All of the land farmed by is infected with Race 4 at some level. Typically, portions of a field are infected; not the entire field. Fusarium Race 4 only targets cotton.
Watte said, “The long-term fix for Fusarium Race 4 is genetics.”
On the pest front, the Tulare area has less insect pressure than other parts of the SJV due to its distance from the foothills. The spider mite is the top pest threat for the Watte’s, followed by whitefly. Both are controlled using IPM and softer insecticides.
The lygus pest is present in fields but below the economic threshold for treatment.
“I’ve never sprayed an acre for lygus during my farming career,” Watte said.
A lesson the Watte’s learned over the years is to protect and utilize beneficial insects.
“We have always been very cognizant and aware of keeping beneficials intact as much as possible. It’s embedded in us – it’s just what we do,” Watte said.
When a pesticide application is needed in cotton, Watte confers with pest control advisor Matt Chase of Matt Chase Consulting. They agree that an early pesticide application works the best to control pest and disease issues, while using the softest products available to protect the beneficials.
“Mark is very proactive and wants to get the pest or disease before the problem gets out of hand,” Chase said.
On overall crop development, Chase said, “Mark understands how plants grow and when to irrigate and when to hold the water. He might irrigate one field but hold the water in an adjacent field.”
Watte uses about 36 inches of water, or less, for cotton in the farm’s Chino series clay loam soils.
On the technology side, the Watte family was one of the first growers in the “neighborhood” to laser level farm ground (1979) which improved water uniformity in the fields.
“I had a lot of neighbors come by and see what I was doing,” Watte recollected. “Keeping our land level has always been high on our priority list.”
For decades, the Watte family has served as longtime cooperators in field research trials with the University of California Cooperative Extension (UCCE). In the early days, field studies on the farm included plant mapping, pressure bomb use for better irrigation decision making, and early studies on the concept of roller ginning Acala for higher quality and added value.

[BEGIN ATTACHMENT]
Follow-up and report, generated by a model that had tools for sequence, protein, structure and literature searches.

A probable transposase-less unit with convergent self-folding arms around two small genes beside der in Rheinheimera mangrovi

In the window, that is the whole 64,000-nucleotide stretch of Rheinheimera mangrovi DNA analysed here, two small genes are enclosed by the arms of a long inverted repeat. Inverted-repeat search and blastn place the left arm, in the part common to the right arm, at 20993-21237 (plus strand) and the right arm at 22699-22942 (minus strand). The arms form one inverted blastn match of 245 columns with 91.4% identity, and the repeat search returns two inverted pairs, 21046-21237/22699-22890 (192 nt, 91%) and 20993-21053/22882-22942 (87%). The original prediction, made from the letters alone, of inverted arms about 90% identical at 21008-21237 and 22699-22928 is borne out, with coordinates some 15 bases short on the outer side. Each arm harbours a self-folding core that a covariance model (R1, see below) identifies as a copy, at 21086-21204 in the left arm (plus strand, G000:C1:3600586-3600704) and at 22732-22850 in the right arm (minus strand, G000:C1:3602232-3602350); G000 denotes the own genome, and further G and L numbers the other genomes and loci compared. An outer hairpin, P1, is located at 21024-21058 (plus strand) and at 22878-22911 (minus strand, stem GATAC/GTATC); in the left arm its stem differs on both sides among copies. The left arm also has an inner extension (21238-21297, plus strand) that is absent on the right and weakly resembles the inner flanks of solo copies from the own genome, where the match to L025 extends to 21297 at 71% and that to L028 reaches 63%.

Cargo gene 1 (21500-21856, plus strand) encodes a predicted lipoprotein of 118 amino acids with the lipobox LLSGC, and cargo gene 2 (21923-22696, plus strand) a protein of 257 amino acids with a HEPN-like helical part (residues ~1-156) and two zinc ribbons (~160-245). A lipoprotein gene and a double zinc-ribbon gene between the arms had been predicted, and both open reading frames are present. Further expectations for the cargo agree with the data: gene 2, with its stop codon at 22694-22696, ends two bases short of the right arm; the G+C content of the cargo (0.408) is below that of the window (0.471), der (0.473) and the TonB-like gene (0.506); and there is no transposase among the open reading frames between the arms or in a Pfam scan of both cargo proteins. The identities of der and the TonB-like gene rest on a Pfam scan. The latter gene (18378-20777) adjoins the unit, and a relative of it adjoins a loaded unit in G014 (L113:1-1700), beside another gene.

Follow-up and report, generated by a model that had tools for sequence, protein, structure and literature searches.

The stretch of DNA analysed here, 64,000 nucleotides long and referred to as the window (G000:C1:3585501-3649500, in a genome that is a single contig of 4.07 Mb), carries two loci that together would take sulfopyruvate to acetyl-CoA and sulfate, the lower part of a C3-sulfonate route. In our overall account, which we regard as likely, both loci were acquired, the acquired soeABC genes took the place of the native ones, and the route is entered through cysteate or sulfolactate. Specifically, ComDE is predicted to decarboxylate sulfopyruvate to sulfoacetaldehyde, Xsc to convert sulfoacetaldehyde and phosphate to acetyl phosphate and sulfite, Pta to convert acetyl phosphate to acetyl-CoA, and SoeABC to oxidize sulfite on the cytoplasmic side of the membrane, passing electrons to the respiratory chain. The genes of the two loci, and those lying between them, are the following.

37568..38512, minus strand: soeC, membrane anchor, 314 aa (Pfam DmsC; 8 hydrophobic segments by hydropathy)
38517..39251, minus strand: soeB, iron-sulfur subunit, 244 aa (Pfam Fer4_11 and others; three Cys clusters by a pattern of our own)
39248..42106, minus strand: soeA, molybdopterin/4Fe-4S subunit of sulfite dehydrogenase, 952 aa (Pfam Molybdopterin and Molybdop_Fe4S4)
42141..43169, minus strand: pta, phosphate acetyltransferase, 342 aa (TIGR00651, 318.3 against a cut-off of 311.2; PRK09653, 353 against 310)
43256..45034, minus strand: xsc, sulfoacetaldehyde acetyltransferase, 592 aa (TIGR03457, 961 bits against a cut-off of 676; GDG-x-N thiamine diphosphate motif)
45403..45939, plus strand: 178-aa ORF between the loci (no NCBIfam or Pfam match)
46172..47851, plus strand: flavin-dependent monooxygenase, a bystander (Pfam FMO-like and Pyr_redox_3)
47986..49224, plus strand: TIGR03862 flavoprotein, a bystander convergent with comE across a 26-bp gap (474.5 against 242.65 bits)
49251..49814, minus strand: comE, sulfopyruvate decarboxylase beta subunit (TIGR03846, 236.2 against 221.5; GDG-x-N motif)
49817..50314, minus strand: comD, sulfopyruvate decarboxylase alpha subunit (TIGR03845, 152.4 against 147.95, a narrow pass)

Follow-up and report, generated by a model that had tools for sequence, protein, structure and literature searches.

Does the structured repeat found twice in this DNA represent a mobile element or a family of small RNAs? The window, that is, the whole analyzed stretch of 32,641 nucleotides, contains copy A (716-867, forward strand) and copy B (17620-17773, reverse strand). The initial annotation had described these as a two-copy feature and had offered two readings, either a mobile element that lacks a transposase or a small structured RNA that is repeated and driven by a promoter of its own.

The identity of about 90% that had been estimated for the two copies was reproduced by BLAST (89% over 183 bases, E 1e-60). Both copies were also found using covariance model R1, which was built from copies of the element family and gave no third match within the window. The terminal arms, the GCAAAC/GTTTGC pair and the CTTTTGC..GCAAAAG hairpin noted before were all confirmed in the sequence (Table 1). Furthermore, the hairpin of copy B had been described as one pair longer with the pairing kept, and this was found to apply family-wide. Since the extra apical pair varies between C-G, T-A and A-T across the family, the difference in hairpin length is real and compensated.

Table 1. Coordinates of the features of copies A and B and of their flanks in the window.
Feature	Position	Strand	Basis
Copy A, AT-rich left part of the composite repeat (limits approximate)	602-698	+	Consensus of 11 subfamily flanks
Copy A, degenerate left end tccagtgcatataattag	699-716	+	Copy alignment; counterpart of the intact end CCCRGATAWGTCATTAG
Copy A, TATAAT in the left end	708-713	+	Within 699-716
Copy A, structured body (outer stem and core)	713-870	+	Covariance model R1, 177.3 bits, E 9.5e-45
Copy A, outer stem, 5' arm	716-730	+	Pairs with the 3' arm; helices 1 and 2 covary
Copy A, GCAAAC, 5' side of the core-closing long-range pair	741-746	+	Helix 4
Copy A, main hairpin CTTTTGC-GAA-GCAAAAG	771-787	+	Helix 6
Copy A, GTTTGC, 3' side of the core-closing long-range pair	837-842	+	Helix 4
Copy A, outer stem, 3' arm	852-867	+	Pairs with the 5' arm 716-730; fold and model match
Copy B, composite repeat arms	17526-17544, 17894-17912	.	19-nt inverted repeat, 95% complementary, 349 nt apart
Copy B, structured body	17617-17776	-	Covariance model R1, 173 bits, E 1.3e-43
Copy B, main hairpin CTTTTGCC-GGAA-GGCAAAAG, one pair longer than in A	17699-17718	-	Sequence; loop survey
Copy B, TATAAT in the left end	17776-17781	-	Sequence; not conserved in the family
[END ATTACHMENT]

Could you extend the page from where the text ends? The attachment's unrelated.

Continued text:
UCCE Cotton Specialist Robert Hutmacher says the Watte operation is in an area where nitrogen management plans are required to better utilize all sources of applied N to protect the groundwater from nitrate contamination.
Hutmacher said, “Nitrogen management information developed by the Watte’s and others will impact future plans for groundwater protection in other areas of California.”
While field trials can delay a grower during the season, there are benefits to the grower to participate.
“As new seed varieties are developed, the best way to evaluate them is to grow them on your own farm,” Watte acknowledged.
Let’s face it - California can be a more difficult area to farm due to stringent government regulations, higher taxes, and the current severe three-year-long drought. Major water deficits are forcing some growers to shift from row crop agriculture, including cotton, into more permanent tree and vine crops to reduce the farm’s overall water needs and generate good economic returns.
In the future, the Watte family will likely grow less cotton and increase nut tree plantings.
Watte says cotton will continue to have positive fit in California heading forward.
“Cotton may shift into a secondary, rotational type of crop where it will fit here and there,” says Watte, 62. “It will continue as an important crop in the state.”
He believes California cotton acreage could hold steady in the 200,000 acre range in the short term.
Watte thinks cotton’s best fit is in ground with subsurface drip irrigation (SSDI). Some growers with SSDI grow processing tomatoes for several years and then turn to cotton as a rotational crop.
On the civic level, Watte is heavily involved in giving back to agriculture and the community. He is the current vice-chair of Cotton Incorporated and in line to assume the chairmanship in late 2015.
He serves on the boards of the California Cotton Growers and Ginners, the Friant Water Authority, and the local People’s Ditch (water) Company. Watte is the current Tulare County Agriculturalist of the Year.
Previous leadership roles include past vice-chairman of the California-based Calcot Limited cotton marketing cooperative, Tulare City Council member, and last year’s city of Tulare ‘Man of the Year.’ Joanne is the current Tulare city ‘Woman of the Year.
In 1992, Mark served as the volunteer chair for World Ag Expo – the largest outdoor farm exposition in the world held in Tulare – where he continues to volunteer annually. He is a past board member of the local Farm Credit association.
In summary, Mark Watte is most proud to walk in the boots of a farmer, and continue his family’s farming legacy as food and fiber providers - a family tradition started more than 100 years ago.
Congratulations, Mark Watte - the 2015 Far West High Cotton Award recipient.